The lens comes with a rotating tripod collar. This helps with compatibility as part of a tripod-based shooting system. It comes in handy when shooting landscape photography or studio-based portrait photography.
However, the tripod collar is incompatible with an Arca-Swiss tripod system. You can always use a quick-release plate and use the lens with traditional tripods. But for better convenience, you must get a separate tripod collar that works with this system.
Autofocusing is powered by a new technology that Sony rates four times faster than traditional lenses. The zoom technology is internal, ensuring the lens’s barrel length remains the same across the zoom range.
Personally speaking, I don’t like lenses that extend either when zooming or when you’re focusing. I know that many of the lenses come with weather sealing, but these areas are still highly susceptible to dust and moisture ingress. I am happy that the Sony FE 70-200mm f/2.8 GM OSS II has an internal zooming design.
Having shot a few wedding photography assignments, I know this is an interesting application area for the Sony FE 70-200mm f/2.8 GM OSS II. Wedding photographers often work with extremely tight schedules and they use two sets of bodies with different lenses. These are usually a 24-70mm and another 70-200mm to cover the entire focal length from 24 to 200mm with a fixed aperture. For this purpose, the Sony FE 70-200mm f/2.8 GM OSS II is a great lens.
The autofocusing performance on the lens is fast due to the four linear motors that move the autofocusing system. But what matters is if the system is reliable in locking focus, and I am happy to say that it has never failed me.
Best Wide Zoom Lens for Everyday Photography
4. Sony FE 16-35mm f/2.8 GM
There are a bunch of options in this segment, including both OEM and third-party lenses. But I’m confident in my pick – the 16-35mm f/2.8 GM.
I may have a slight bias, as this lens is perfect for the type of photography work I do. So, I was leaning toward this lens from the start. But the second reason for my choice is that this is a highly rated lens, rated higher than the Sony FE 24-70mm F2.8 GM II by DxOMark.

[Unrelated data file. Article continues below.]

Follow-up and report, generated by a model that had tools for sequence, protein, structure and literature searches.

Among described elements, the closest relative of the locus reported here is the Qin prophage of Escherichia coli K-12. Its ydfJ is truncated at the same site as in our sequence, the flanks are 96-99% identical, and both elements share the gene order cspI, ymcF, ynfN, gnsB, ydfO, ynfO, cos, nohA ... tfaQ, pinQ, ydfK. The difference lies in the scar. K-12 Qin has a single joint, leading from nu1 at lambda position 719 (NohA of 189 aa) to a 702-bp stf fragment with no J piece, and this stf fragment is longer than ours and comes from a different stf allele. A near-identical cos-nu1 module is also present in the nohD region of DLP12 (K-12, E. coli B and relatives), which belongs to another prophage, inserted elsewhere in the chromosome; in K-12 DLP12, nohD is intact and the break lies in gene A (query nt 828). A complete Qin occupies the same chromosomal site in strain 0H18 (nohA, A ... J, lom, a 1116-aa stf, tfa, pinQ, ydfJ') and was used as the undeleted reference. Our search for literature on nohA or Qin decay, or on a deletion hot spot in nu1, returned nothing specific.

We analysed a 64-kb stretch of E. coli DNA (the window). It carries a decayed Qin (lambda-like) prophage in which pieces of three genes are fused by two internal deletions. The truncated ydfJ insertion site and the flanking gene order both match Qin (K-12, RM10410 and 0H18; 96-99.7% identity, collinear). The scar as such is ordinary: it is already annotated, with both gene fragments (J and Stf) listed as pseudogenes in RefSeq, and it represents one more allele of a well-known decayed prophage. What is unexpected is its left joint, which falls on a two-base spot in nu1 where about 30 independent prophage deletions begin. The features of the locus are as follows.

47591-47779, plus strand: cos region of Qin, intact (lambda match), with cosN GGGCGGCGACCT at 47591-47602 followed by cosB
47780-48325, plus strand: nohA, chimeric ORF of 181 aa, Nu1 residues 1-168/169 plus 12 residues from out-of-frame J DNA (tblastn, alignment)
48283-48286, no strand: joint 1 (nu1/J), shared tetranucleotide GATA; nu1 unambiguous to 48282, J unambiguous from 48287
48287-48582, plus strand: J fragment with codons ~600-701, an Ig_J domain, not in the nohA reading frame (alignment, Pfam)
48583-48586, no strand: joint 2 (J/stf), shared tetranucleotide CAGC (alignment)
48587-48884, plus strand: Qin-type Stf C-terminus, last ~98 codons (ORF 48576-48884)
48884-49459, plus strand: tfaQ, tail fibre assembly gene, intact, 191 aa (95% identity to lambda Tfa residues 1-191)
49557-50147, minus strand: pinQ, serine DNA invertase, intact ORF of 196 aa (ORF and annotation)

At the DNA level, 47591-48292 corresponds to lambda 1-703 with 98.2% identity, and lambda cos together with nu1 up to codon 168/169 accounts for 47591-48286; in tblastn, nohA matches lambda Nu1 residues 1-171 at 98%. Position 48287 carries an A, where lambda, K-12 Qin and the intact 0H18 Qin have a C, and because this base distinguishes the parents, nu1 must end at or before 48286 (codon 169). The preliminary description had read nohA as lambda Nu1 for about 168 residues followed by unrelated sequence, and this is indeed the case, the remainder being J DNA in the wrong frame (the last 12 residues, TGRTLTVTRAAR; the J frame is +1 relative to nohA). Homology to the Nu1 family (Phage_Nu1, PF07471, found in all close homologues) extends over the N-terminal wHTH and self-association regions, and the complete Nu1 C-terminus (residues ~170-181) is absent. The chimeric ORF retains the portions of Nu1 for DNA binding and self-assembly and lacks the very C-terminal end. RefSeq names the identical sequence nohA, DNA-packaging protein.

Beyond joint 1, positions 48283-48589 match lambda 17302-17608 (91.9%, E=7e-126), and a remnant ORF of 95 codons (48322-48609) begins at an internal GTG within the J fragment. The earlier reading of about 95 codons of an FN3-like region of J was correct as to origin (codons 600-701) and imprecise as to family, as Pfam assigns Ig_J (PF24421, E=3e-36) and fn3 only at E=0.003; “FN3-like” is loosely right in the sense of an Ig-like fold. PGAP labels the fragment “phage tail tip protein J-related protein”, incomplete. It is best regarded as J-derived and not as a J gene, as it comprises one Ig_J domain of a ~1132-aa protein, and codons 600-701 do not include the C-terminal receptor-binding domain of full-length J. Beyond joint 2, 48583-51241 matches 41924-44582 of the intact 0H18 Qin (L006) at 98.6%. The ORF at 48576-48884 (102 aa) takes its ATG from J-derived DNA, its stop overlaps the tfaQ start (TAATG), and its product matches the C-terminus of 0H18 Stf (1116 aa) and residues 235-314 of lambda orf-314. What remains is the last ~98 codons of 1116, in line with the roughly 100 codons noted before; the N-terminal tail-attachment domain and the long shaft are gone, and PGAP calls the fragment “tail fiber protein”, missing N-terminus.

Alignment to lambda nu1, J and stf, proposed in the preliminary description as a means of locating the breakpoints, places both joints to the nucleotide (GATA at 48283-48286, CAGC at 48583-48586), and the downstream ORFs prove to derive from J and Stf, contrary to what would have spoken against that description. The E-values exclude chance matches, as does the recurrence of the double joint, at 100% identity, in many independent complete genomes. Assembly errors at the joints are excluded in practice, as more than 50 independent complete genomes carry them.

This is a pricey lens that may be beyond the reach of amateurs or hobbyists just getting into landscape and nature photography. There is a cheaper f/4 PZ (Powerzoom) version of this lens you can look at if you think that this lens is a bit too overpriced for your budget.
The 16-35mm is an excellent focal length because it covers a sweet spot, so to say, in terms of focal lengths ideal for landscape and nature photography.
Considering that you have a fixed aperture across that focal length, if you want to use this lens for shooting videos, you don’t have to bother changing exposure because the maximum aperture stays the same across the focal length.
The real-life applications of this lens go beyond just landscape, nature, and video shooting. You can also shoot weddings and other events. It may not be as versatile as the 24-70mm, but it’s still useful, especially in the 24-35mm focal range.
You can also shoot environmental portraits with this lens, capturing the subject in the middle of the frame and their immediate surroundings. Of course, the 16-35mm also works as a street photography lens.
The lens has 16 elements arranged in 13 groups and 11 rounded aperture blades. The lens has two extra-low dispersion elements, three aspherical elements, and two XA elements, as well as a Nano AR coating.
The lens elements ensure that the lens can handle the effects of spherical aberrations that reduce contrast. These elements help focus the light rays to a location on the focusing point at the back of the camera (sensor/image film), thereby improving contrast and image sharpness.
The nano AR coating helps suppress the effects of flares and ghosting and further improves the sharpness and contrast of the lens. A fluorine coating also ensures that the lens’s front element is easy to clean in the case of dirt, dust, or grime build-up.
Two extra-low dispersion elements ensure that the lens can handle the effects of chromatic aberrations.
The 16-35mm does not come with image stabilization. However, I am not too bothered about it. First, the lens has too wide a focal length to make the lack of image stabilization a big deciding factor. If you shoot at a minimum shutter speed of 1/16 sec at the wide open (1/35mm at the tele-end), your images won’t have any image blur.